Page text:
NOAA’s hurricane gliders are returning home after a successful journey during the 2020 hurricane season. These gliders were deployed off the coasts of Puerto Rico, Dominican Republic, the U.S. Virgin Islands, the Gulf of Mexico, and the eastern U.S. to collect data for scientists to use to improve the accuracy of hurricane forecast models.
In the Fall of 2019, Atlantic Oceanographic and Meteorological Laboratory (AOML) oceanographer Renellys Perez contacted Geophysical Fluid Dynamics Laboratory (GFDL) and Princeton University oceanographer Sonya Legg to brainstorm how the two labs could increase collaboration. Due to a previous working relationship established with Legg at MPOWIR, a mentoring group created to improve the retention of women in physical oceanography and US CLIVAR, Perez was able to propose a collaborative workshop.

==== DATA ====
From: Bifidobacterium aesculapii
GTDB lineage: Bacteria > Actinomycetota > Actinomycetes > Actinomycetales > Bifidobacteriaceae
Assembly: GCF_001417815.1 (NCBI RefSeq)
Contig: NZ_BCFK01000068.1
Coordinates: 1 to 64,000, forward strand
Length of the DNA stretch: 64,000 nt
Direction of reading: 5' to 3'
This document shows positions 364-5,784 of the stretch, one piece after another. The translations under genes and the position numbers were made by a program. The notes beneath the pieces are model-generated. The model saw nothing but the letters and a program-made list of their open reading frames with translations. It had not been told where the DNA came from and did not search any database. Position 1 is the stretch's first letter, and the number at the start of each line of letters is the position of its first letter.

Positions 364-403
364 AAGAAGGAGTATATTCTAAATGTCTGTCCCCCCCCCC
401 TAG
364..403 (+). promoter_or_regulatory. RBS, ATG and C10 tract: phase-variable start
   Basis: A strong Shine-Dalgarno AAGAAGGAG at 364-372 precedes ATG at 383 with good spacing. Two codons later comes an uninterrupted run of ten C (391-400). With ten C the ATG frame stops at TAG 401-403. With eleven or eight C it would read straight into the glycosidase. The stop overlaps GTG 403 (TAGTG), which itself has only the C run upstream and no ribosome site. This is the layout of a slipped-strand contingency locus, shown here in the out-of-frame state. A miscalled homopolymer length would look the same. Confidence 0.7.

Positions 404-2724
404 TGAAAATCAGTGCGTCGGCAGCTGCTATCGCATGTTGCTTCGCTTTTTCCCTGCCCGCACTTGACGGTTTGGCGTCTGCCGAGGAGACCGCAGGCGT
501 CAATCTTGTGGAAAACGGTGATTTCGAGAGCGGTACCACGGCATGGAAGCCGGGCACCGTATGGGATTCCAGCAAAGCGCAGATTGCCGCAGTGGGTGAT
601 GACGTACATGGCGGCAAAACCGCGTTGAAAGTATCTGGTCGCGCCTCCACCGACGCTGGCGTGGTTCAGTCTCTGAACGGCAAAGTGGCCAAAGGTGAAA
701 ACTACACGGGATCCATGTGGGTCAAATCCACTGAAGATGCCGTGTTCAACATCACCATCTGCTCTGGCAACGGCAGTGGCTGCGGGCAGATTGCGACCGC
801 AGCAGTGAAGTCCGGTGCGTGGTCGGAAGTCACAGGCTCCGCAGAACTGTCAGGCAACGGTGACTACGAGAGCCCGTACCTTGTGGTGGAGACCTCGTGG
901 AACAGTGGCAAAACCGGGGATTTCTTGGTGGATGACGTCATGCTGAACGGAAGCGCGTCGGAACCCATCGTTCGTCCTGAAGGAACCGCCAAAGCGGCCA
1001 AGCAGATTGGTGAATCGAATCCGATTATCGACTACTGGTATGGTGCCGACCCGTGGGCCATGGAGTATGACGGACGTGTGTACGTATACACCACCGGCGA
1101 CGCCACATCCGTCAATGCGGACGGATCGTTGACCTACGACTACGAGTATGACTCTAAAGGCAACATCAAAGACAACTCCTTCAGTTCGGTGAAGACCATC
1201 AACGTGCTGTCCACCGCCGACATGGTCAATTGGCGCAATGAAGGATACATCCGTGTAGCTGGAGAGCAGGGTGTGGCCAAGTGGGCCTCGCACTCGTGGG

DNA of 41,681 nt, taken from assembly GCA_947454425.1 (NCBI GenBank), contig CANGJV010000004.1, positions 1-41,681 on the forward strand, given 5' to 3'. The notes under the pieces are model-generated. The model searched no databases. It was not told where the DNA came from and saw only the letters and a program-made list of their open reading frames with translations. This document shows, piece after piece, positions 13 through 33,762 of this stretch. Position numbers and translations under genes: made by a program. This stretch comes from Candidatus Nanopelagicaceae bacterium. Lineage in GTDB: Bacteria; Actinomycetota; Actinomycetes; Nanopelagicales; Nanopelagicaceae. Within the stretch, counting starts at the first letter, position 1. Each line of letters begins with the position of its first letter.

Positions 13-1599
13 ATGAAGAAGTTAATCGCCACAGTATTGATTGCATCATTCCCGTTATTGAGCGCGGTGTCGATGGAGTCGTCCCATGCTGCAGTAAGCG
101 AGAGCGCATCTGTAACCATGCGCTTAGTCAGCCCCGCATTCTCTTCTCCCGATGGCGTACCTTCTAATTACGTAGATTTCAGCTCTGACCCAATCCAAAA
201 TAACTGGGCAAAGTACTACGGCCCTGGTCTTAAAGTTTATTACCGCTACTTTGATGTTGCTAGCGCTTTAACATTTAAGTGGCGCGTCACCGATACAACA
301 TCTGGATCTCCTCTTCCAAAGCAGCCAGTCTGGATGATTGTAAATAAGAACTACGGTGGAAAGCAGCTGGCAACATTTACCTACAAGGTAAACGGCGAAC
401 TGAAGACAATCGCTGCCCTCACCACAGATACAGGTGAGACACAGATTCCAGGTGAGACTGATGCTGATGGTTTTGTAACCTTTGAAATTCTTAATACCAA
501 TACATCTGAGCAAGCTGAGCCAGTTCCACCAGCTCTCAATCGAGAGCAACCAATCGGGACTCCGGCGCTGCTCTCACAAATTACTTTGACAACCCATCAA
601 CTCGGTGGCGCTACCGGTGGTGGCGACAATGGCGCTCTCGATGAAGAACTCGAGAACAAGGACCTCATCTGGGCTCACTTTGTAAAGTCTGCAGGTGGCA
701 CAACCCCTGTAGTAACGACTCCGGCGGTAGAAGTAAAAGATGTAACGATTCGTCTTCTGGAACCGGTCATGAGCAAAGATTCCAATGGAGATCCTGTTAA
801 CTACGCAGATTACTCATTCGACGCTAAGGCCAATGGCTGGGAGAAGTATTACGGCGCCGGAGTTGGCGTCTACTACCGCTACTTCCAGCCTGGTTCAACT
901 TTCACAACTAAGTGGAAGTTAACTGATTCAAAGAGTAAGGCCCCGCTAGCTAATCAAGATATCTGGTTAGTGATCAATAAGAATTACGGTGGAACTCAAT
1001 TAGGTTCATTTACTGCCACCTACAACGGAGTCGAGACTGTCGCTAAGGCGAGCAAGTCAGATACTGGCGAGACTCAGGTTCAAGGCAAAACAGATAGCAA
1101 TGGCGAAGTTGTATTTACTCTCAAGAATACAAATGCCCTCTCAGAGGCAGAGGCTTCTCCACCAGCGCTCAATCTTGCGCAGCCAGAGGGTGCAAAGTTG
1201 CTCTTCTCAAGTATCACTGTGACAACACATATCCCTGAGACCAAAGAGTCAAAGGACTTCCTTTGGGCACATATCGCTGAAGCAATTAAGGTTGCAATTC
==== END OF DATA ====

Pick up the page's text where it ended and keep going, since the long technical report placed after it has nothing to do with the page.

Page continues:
Two underwater robots will be gliding throughout the western Lake Erie basin this week, as NOAA and its partners at the Monterey Bay Aquarium Research Institute (MBARI) test technology to autonomously monitor and measure the toxicity of harmful algal blooms in the Great Lakes.